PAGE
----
16 February 2019
Ocean Park is taking steps to shore up revenues after suffering a huge deficit in the year ended June amid a slide in visitor numbers. Photo: HKEJ
Ocean Park is taking steps to shore up revenues after suffering a huge deficit in the year ended June amid a slide in visitor numbers. Photo: HKEJ

Ocean Park to raise ticket prices after record deficit

Ocean Park, Hong Kong’s popular marine-themed tourist attraction, announced plans to raise ticket prices after suffering its biggest deficit in nearly 30 years. 

The company said it will hike the admission fee by 13.8 percent from January 1 in a bid to shore up revenues, which took a hit due to a sharp drop in visitor numbers.

In the fiscal year ended June, the theme park recorded a deficit of HK$240 million (US$30.9 million), compared to a surplus of HK$45.2 million in the previous year, according to an announcement Wednesday.

It represented the largest loss since 1897, when the park ceased to be a subsidiary of the Hong Kong Jockey Club, and also marked the first deficit since 2003 when Hong Kong was battered by the severe acute respiratory syndrome (SARS) epidemic.

Revenue fell as park attendance figures slid 18.8 percent to 6 million, mainly due a slide in visitors from the mainland, the Hong Kong Economic Journal reports. 

Ticket sales income dropped 18.6 percent to HK$1.13 billion in the year to June, while in-park consumption by tourists fell 16.4 percent to HK$480 million.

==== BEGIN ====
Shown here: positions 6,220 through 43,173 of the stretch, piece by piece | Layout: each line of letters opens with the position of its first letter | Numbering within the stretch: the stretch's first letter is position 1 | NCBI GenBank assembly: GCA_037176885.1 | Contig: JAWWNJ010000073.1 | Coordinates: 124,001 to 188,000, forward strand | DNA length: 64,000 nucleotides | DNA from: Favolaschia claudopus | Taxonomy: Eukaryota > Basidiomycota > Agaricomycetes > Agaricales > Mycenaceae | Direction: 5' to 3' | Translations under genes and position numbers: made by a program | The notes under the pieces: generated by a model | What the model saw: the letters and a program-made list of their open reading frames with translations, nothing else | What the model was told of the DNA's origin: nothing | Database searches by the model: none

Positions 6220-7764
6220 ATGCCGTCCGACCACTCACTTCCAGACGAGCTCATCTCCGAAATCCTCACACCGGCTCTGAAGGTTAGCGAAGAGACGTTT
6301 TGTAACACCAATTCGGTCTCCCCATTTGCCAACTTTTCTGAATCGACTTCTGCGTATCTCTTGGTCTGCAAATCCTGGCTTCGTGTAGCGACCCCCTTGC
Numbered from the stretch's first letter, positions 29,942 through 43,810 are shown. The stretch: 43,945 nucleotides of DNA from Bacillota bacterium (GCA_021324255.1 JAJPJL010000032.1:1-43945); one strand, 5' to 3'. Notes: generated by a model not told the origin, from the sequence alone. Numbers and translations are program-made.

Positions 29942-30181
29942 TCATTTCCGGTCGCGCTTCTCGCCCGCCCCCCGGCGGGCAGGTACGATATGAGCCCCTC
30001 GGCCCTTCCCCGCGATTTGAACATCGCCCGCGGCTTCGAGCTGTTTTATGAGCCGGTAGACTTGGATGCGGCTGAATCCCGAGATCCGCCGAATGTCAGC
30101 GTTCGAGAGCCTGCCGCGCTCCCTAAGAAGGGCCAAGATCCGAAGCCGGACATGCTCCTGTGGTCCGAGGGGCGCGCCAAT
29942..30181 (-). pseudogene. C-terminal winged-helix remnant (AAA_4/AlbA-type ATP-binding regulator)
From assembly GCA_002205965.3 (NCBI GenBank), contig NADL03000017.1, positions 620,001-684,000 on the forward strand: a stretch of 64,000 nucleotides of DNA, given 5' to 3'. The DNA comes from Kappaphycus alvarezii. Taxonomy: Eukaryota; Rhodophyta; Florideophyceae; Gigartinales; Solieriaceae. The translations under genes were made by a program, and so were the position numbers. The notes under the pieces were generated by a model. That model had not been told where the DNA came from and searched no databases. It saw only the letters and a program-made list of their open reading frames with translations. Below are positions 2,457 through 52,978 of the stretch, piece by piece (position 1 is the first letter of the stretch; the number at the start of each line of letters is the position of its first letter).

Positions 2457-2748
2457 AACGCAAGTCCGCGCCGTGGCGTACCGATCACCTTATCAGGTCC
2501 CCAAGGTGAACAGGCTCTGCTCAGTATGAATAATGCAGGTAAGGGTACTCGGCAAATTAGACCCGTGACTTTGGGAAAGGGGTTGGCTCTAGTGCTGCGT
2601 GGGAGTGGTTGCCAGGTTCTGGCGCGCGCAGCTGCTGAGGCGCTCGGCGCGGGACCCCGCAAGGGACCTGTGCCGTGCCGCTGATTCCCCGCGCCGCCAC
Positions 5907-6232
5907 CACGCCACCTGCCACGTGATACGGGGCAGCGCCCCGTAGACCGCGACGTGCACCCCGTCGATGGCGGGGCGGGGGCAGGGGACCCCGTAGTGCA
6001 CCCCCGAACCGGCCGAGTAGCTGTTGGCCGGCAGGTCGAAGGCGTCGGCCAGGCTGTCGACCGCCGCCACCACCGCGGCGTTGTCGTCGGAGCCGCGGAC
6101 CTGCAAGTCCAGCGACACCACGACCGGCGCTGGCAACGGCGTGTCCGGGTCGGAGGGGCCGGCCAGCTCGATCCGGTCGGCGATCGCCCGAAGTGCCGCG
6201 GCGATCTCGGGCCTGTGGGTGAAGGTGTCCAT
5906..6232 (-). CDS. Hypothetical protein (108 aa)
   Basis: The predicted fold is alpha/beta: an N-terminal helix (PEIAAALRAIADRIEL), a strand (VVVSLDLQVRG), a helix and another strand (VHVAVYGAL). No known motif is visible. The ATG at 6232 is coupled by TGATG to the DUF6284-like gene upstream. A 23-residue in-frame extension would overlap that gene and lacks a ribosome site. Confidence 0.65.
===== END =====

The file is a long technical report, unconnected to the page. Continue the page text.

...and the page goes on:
To turn around the business, Ocean Park will adopt a two-pronged strategy of hiking the entrance fees and adding some facilities that will stay open until late in the evening, chairman Leo Kung Lin-cheng said on Wednesday. 

From next month, the ticket fee will rise to HK$438 for adults and HK$219 for children, from the current HK$385 and HK$193.

In a concession to locals, Hong Kong residents will be charged the new rates only from March. 

According to Vivian Lee, Ocean Park’s executive director of marketing and sales, attributed the worsened financial figures due to several factors, including a drop in tourism groups from the mainland, intense market competition, a stronger Hong Kong dollar and a slower Chinese economy as well as some unexpected incidents.

Though she claimed that visitor numbers have risen since July and that consumption in the park has increased, the company has deemed it necessary to do more to bolster its financial performance.

The emphasis is on boosting income rather than cost-cutting.

Chairman Kung admitted that the park has been using its reserves, which currently stand at about HK$2 billion, to support operations.

He said he is confident that the new ticket prices will still be competitive and that they will not have a negative effect on visitor numbers.

Among other initiatives, Ocean Park will add a food and amusement zone near its lake, with opening hours from 6 pm to 11 pm on weekdays so as to attract people after they get off work.

Some existing restaurants in the theme park will also prolong their business hours.

The new zone is expected to open by the Chinese New Year holidays between late January and early February, according to Kung.

As for cost-cuts, Kung promised that there won’t be any lay-offs for the park’s employees. But the company will strive to save as much as HK$70 million in electricity costs through a series of measures, he said.

Looking ahead, Ocean Park is pinning hopes that MTR’s new South Island Line, which is scheduled to begin operations on Dec. 28, will help bring in more visitors.

Meanwhile, two hotels coming up near the park and a upcoming water park can also shore up business.

The hotels and the water park are scheduled to go into operation in 2018.

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